Politics & Policy

With Dogs And Batons, Bulgaria Tells Syrian Refugees To Turn Back

At Harmanli Camp in Bulgaria, hundred of asylum seekers — mostly from Syria and Afghanistan — live in reconfigured shipping containers and decommissioned military schools. The poor country is ill-equipped to deal with the influx of refugees from Syria. i i

At Harmanli Camp in Bulgaria, hundred of asylum seekers — mostly from Syria and Afghanistan — live in reconfigured shipping containers and decommissioned military schools. The poor country is ill-equipped to deal with the influx of refugees from Syria. Jodi Hilton for NPR hide caption

itoggle caption Jodi Hilton for NPR
At Harmanli Camp in Bulgaria, hundred of asylum seekers — mostly from Syria and Afghanistan — live in reconfigured shipping containers and decommissioned military schools. The poor country is ill-equipped to deal with the influx of refugees from Syria.

At Harmanli Camp in Bulgaria, hundred of asylum seekers — mostly from Syria and Afghanistan — live in reconfigured shipping containers and decommissioned military schools. The poor country is ill-equipped to deal with the influx of refugees from Syria.

Jodi Hilton for NPR

Some countries in Syria's neighborhood are feeling inundated with refugees, and countries like Greece are making it harder for them to enter the country. Now Bulgaria has followed suit, with growing reports of Syrian refugees facing violent beatings, according to a new report by Human Rights Watch.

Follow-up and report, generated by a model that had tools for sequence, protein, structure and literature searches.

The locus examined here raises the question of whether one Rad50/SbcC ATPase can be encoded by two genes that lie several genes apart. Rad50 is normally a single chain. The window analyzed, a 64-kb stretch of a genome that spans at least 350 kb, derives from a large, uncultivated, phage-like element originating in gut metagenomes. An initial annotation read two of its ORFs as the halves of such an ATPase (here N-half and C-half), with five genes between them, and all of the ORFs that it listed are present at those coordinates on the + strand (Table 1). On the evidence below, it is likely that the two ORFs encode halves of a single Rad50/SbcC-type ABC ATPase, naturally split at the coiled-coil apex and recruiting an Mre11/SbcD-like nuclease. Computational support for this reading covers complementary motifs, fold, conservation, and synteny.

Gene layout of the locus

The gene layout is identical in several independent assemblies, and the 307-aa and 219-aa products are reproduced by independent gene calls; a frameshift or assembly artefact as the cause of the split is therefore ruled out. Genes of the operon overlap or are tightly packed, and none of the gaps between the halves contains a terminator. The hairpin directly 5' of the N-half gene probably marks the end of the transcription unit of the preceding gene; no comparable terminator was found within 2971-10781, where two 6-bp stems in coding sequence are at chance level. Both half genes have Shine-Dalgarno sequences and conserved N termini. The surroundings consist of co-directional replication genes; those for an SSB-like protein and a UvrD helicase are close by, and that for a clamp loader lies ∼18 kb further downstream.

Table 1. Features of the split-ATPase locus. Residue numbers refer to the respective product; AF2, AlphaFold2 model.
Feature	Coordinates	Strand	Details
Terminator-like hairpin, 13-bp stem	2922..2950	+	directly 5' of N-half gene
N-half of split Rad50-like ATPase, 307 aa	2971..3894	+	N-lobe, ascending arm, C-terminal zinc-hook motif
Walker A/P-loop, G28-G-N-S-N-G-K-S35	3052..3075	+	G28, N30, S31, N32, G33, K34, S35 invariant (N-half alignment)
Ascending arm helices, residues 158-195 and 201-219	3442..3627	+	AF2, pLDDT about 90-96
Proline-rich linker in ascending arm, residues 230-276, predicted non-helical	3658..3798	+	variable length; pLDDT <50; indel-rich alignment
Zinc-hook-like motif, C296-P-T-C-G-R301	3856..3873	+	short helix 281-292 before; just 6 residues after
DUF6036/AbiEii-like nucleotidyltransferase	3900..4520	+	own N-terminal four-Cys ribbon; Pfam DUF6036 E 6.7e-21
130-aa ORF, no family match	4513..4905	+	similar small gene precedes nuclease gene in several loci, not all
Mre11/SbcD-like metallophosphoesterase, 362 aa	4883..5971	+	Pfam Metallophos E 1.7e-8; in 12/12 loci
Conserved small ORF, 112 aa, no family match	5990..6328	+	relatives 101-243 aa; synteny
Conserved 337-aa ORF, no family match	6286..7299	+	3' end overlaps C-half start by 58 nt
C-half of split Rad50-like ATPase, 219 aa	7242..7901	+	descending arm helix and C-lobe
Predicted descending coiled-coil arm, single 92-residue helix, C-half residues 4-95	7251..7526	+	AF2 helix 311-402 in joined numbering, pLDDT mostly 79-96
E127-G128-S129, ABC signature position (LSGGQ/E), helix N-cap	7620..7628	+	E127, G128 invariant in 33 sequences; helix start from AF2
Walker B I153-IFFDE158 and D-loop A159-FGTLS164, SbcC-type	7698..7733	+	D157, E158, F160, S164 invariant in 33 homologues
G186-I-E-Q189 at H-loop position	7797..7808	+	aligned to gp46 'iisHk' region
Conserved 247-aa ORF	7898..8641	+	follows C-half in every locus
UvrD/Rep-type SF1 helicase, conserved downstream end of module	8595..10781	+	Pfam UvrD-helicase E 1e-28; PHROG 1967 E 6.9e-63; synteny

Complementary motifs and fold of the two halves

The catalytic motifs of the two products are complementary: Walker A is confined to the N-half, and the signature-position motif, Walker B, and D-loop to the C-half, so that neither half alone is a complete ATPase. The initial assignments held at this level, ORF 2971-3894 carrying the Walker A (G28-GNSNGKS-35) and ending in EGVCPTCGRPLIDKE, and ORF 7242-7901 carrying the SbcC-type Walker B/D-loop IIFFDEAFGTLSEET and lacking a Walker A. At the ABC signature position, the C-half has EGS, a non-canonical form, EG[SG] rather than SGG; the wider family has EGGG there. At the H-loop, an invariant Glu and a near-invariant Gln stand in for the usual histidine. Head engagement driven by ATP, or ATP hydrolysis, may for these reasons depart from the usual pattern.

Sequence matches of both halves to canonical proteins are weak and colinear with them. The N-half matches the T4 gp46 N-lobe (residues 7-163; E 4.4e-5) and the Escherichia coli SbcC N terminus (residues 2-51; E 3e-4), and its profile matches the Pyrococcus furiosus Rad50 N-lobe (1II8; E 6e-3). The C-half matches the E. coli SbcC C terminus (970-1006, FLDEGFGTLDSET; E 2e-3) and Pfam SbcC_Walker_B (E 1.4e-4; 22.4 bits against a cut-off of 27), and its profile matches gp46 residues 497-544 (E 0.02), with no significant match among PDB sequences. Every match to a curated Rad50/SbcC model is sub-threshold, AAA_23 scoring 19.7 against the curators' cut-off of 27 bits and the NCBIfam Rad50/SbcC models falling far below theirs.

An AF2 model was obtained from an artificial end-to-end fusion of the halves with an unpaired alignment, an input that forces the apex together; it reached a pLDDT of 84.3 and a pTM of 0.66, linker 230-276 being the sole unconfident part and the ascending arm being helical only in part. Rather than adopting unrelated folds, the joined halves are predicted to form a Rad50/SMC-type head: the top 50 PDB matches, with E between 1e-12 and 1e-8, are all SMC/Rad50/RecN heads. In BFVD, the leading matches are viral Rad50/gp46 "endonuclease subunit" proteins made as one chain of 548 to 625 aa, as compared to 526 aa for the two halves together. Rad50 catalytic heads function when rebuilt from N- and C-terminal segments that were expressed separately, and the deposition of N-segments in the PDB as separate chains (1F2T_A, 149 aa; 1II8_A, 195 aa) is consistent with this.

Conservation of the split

Among the poorest European states, Bulgaria was ill-prepared for the spike in refugees who came across its border last fall. The government quickly beefed up border patrols as part of a "pushback" policy designed to keep the refugees in Turkey. It's a policy that refugees and rights advocates say the border police are executing with a vengeance.

In a refugee camp just inside Bulgaria, Mohammed Haj Khalil, 35, describes his harrowing crossing with Abdullah, his 17-year-old cousin. Border guards using a police dog soon tracked them, and Khalil assumed they would be taken to register for asylum.

Instead, he found himself scrambling to cover his young cousin with his leather jacket as the dog lunged forward. Then a guard cracked Khalil on the head with a stick.

"I started feeling dizzy or confused," he says. "Then the dog started biting [Abdullah's] leg. He started screaming and I was very afraid. The dog started biting my face — my cheek was open."